Sunday, 15 June 2014

Summer Drawing Project – lesson 7

This week’s challenge is to make the paper surface appear to be curved. This will be an optical illusion of course but you can do this by covering your page with rings, each one changing in some way to suggest that the surface isn’t flat.

Discover ways of modifying your rings by gradually changing the way you draw it –

  • changing its size
  • changing its colour
  • changing its tone, change its shape
  • changing its texture
  • perhaps combining more than one of these


Covering the surface with different sizes and different types of rings made interesting pattern effects but they didn’t seem to make the page look as if it was curved.

I decided that I needed to organise the gradation of sizes and shapes in these ideas so that they gradually change from one to another. See if you agree.


I found it easier to draw the rings shapes lightly in pencil first to help me get it right in coloured media. I covered the page with just one graded idea before deciding which colouring method to use. Notice that each ellipse and ring were sometimes drawn several times over each other until I felt the ring was right. No need to rub out – just work on top a bit darker over it when you think it looks better. You’ll notice a lot of rings underneath other rings in these pages –  this is just me trying to get into the right ‘swing’.


Making the rings appear to get flatter and flatter towards the top of the page and becoming more elliptical so seeming to disappear over the curved surface. Also by grading the intensity of colour.

8 8 10

Drawing the elliptical rings in the same way and because there seemed to be so many ‘trial’ rings on this page, I decided to draw pairs of over-lapping rings – a blue one and an orange one.  I then ‘coloured in’ by adding solid colour to the shape created by the overlap; see the right hand image close-up above.

12 14 

This page is drawn with several rings where the sizes are graded from large to small (at the top). Several colours were used inside each ring to emphasise them. Notice the brave addition of ‘arc’ shapes towards the bottom to suggest rings that were too large to be added to the page. Best to draw these by turning the sketchbook around so you make good use of the natural radius arc that your arm can do to make a smooth and confident curved arc.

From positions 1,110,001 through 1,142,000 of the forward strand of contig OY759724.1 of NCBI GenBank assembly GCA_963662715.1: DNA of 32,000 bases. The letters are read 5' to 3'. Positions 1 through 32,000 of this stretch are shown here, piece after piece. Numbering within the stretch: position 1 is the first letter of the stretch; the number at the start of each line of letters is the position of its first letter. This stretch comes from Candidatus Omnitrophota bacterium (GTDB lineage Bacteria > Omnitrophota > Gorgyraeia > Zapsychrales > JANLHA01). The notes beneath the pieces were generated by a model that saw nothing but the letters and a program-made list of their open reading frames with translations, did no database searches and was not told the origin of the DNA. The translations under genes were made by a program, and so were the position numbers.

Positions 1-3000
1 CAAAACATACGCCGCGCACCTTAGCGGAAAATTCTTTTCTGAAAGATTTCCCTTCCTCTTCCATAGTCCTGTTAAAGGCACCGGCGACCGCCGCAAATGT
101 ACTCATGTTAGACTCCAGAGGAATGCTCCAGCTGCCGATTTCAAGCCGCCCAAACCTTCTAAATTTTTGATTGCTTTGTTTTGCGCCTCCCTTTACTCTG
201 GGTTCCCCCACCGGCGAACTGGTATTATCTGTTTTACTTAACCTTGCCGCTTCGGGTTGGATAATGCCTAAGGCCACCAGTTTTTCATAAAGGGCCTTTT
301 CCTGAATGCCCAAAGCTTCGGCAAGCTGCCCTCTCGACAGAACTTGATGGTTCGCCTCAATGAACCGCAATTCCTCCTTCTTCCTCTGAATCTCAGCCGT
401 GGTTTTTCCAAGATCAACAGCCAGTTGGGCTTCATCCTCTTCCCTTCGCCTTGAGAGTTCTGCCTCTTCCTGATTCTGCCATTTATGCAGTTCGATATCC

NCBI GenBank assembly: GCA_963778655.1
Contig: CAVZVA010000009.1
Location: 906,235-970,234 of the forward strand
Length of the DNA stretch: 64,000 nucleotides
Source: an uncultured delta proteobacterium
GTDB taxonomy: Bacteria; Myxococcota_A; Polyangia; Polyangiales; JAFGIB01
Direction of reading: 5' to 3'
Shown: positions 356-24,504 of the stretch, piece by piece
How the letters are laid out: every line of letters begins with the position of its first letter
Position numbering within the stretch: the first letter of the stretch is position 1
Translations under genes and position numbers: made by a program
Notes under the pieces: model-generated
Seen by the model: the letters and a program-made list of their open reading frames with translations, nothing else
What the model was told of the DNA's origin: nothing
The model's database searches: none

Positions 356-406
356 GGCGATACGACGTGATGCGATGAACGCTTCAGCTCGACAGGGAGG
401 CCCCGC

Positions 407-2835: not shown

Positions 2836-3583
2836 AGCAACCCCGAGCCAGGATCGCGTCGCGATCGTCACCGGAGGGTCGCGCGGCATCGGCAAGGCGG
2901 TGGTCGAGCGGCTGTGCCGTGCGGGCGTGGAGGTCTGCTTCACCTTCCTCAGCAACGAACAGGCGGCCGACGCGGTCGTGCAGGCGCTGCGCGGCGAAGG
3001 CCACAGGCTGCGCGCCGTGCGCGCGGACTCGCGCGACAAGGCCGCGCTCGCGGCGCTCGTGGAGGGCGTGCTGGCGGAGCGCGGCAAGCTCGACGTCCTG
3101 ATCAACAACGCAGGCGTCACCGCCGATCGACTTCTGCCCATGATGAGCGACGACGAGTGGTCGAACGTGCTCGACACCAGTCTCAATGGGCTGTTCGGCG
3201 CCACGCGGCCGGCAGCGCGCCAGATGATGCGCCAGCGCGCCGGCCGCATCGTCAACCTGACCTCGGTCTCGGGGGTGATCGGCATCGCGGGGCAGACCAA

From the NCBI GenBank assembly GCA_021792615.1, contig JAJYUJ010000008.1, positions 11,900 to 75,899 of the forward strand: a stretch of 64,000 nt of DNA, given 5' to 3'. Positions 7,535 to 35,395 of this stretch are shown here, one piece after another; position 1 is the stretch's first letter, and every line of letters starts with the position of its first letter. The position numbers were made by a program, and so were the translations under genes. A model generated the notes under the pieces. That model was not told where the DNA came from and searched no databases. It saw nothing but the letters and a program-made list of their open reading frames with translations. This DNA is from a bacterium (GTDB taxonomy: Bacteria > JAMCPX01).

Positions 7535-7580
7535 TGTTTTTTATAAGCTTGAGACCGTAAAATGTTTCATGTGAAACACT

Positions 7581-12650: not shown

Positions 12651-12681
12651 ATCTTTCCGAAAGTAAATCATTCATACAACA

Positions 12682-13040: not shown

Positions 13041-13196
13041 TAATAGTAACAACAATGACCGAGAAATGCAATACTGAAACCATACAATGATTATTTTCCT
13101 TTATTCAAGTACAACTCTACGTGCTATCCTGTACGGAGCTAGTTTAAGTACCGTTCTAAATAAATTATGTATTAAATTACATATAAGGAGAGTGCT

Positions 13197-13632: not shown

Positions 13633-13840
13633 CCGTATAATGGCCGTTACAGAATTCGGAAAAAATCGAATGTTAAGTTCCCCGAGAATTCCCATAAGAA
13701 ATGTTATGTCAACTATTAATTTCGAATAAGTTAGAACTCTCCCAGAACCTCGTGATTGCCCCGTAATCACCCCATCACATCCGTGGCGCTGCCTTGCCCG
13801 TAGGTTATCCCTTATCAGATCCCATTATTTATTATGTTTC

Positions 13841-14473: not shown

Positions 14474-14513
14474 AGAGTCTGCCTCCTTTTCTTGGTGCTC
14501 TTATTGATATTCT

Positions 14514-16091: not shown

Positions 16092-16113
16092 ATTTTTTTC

A pattern of rings of the same size, same colour but different textural scribbles and tonal changes from top to bottom.

23 24

Columns of over-lapping rings (draw vertical lines first to keep your rings in columns). Then look what happened when I stared to add colour. Must add more colour to make more of these lovely undulations. I’m sure there are more variations to be found.


Playing with a different composition of different sized rings I worked in black but added a change of texture by filling in the rings in different media. I couldn’t believe how this page seemed to curve!


A fun one to do – trying to make the perfect rings at the bottom look as if they are melting away towards the top of the page. I changed the shape gradually and made the colouring more and more watery. I sometimes dipped my water-soluble pencil into water to draw with; I sometimes wet the ring with clean water and then crayoned into it using different degrees of pressure.


The last mage shows an interesting drawing using rings of graded sizes. I found it in a book (‘Principles of Form and Design’ by Wucius Wong) and decided to try to copy it.

It looked like a 3D form – perhaps a cone with an inverted crater? I was fascinated to try to work out how to draw it. All the rings are separate – not spirals and you start with a small ring in the middle of a large ring and then add all the other rings. Anyone like to try it? And if you do, try it with colour?

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